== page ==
• The conscience is the best and most impartial judge that a righteous man has.
      • Letter from Brussels (18 December 1827), quoted in La Rivista de Buenos Aires (1864) edited by Miguel Navarro Viola y Vicente G. Quesada, Vol. 4
  • One should be under no illusions as to the future of the Old World. The real contest in the present day is purely social. In a word the struggle lies between him who has nothing and him who has. Figure out the consequences of such a principle, infiltrated in the masses by the harangues of the clubs and the reading of millions of pamphlets.
    • Letter to a General Pinto, as quoted in ‪Captain of the Andes : The Life of José de San Martín, Liberator of Argentina, Chile and Peru (1943) b‬y Margaret Hayne Harrison, p. 196
  • Mercedes … this is the exhaustion of death. Mariano — back to my room.
    • Last words, during a fatal heart attack (17 August 1850), as reported in ‪Captain of the Andes : The Life of José de San Martín, Liberator of Argentina, Chile and Peru (1943) b‬y Margaret Hayne Harrison, p. 196
  • Mi mejor amigo es el que enmienda mis errores o reprueba mis desaciertos.
    • My best friend is he who rights my wrongs or reproaches my mistakes.
      • Quoted in ‪Historia Jeneral de Chile : Pt. 9. Organizacion de la Republica, 1820-1833‬ (1894) by Diego Barros Arana, p. 298
  • Los soldados de la patria no conocen el lujo, sino la gloria.
    • The soldiers of our land know no luxury, but glory.
      • Documentos del archivo de San Martín (1911) by Museo Mitre, Vol. 11, p. 385
  • Serás lo que debas ser o si no no serás nada.
    • You will be what you must be, or else you will be nothing.
      • Quoted in La vida blanca (1960) by Eduardo Mallea, p. 154
      • Variant translation: You will be what you should be or else will not be.
  • Solo quiero Leones en mi regimiento.
    • I only want Lions in my regiment.
      • As quoted in San Martín, The Liberator (1971) by J. C. J. Metford, p. 33
  • Seamos libres, lo demás no importa nada.
    • Let us be free, the rest matters not.
      • As quoted in I the Supreme (1974) by Augusto Antonio Roa Bastos, as translated by Helen Lane, p. 360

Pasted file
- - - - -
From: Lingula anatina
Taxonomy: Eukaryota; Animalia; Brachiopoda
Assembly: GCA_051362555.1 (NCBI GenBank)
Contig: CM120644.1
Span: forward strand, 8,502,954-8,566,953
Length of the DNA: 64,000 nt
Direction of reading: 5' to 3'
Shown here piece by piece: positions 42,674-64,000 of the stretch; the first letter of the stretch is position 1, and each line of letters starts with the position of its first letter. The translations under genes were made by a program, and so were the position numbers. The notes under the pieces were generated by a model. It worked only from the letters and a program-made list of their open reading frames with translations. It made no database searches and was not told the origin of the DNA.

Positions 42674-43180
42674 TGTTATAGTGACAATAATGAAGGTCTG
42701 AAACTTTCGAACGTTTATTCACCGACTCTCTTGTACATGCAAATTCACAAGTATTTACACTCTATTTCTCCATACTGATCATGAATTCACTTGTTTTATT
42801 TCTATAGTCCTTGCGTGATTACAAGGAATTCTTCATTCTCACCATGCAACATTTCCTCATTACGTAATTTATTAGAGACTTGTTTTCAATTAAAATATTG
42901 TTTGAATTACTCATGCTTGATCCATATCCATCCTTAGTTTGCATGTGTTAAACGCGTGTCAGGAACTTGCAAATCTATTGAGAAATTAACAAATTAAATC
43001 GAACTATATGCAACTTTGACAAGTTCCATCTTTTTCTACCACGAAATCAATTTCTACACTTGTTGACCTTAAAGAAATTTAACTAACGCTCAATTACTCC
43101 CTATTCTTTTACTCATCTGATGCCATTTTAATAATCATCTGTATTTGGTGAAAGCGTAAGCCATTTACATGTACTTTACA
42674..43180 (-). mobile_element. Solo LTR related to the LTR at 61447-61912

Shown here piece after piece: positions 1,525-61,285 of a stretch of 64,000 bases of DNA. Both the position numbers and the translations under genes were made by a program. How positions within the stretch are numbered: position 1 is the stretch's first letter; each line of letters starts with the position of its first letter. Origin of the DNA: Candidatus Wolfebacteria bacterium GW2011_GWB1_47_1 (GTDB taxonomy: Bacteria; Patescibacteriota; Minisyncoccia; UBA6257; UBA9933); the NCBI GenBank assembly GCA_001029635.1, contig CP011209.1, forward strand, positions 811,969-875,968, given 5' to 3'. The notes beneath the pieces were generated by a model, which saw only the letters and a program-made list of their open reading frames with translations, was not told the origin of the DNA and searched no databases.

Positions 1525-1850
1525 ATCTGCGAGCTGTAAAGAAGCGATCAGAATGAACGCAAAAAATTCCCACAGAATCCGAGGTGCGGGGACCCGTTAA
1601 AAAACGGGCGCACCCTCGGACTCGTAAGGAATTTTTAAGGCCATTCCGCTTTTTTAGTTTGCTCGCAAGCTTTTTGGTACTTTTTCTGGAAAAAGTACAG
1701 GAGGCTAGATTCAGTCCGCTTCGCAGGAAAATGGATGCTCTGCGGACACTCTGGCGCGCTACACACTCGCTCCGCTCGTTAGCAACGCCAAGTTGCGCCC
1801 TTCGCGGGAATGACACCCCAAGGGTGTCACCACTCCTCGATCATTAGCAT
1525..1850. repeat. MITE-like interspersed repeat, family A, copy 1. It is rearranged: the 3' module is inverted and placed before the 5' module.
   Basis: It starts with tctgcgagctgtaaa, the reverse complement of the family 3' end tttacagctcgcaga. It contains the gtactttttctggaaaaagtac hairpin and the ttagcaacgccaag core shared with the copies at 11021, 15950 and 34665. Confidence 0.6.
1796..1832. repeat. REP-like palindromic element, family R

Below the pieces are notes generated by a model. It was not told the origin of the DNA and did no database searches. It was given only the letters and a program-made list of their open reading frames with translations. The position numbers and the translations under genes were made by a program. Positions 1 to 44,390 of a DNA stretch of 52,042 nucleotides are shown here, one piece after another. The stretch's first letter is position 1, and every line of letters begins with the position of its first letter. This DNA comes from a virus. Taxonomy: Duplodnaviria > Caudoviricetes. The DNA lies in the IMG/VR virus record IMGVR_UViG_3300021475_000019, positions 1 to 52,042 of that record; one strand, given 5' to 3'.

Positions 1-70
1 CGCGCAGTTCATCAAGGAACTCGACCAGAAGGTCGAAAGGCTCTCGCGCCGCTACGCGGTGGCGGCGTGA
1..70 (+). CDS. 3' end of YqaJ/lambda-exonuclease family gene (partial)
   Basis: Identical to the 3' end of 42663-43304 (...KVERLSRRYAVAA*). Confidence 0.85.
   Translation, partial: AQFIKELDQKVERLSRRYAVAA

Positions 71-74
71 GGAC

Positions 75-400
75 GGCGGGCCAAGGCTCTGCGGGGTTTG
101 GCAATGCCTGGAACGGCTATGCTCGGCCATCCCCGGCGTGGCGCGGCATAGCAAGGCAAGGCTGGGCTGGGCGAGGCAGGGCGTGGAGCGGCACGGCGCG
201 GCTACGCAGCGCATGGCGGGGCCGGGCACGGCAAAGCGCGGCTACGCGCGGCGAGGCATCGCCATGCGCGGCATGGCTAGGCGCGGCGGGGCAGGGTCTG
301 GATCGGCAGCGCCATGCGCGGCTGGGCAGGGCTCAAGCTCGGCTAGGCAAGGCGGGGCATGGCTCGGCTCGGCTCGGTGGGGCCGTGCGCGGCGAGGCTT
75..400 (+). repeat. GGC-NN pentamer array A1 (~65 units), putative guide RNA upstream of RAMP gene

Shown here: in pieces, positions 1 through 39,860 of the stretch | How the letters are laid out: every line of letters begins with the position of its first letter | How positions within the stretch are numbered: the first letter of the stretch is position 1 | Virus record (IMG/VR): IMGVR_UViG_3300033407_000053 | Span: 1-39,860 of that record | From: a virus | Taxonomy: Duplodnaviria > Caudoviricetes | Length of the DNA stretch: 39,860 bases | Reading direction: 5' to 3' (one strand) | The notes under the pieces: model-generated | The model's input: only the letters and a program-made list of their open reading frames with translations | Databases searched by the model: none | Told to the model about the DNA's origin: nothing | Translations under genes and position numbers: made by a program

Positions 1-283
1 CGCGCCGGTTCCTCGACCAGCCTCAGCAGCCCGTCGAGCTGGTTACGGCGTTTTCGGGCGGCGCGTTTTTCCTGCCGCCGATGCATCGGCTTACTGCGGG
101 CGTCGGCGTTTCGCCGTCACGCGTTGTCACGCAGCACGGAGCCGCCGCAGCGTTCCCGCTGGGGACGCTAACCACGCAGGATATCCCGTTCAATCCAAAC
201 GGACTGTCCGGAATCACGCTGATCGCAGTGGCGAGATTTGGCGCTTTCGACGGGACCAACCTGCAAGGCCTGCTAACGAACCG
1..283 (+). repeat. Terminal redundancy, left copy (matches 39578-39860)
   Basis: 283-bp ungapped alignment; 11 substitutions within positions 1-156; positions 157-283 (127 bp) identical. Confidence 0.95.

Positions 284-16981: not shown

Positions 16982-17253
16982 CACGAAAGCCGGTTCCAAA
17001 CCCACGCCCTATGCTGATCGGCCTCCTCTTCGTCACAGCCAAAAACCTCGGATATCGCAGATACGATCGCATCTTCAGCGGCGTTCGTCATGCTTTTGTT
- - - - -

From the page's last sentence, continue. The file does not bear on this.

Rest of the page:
100 Masones Su Palabra (2010)[edit]

Quotes of San Martín (in Spanish) from 100 Masones Su Palabra (2010) by Antonio Franco Crespo
  • De lo que mis Granaderos son capaces, solo lo sé yo, quien los iguale habrá, quien los exceda no.
    • Of what my Granadiers are capable, only I know — who they equal will exist, who exceeds them won't.
  • Hace más ruído un sólo hombre gritando que cien mil que están callados.
    • More noise occurs from a single man shouting than a hundred thousand who are quiet.
  • Si hay victoria en vencer al enemigo, la hay más cuando el hombre se vence a si mismo.
    • If there is victory in overcoming the enemy, there is a greater victory when a man overcomes himself.
  • Una derrota peleada vale más que una victoria casual.
    • A well-fought defeat is worth more than a casual victory.

Quotes about San Martín[edit]

The Spanish authorities at Madrid and Lima had made the irretrievable mistake of underestimating the efficiency of his army. ~ Thomas Dawson
The Spanish generals were not so much surprised at his crossing the Andes as at finding the troops which reached the Chilean plains to be well furnished with artillery, cavalry, and ammunition, perfectly ready for an aggressive campaign, and a match man for man for any force that could be brought against them. ~ Thomas Dawson
Both ‪San Martín‬ and Bolívar have been accused by their enemies of plotting to make themselves kings, but most scholars agree today that there is no basis for either accusation. ~ Margaret Harrison
He had a reserve and aloofness that was rarely penetrated and a scorn of stooping to say the popular thing that would curry favor. ~ Margaret Harrison
  • José de San Martín … was an enigmatic figure — a revolutionary and a conservative, a professional soldier and an intellectual, a taciturn man who nevertheless was able to inspire the peoples of South America to follow his armies and accept his battle strategies. One of the great leaders in the wars for independence, he was a pivotal force in the liberation of Chile and Peru from Spanish rule.
  • San Martín, the lord of war,
    by secret choice of God,
    was great when the Sun was shining on him,
    and even greater in the sunset.

    Great father of the Argentine People,
    Greatest hero of freedom!
    beneath his shadow the fatherland grows
    in virtue, in work, and in peace.
    San Martín! San Martín! may your name,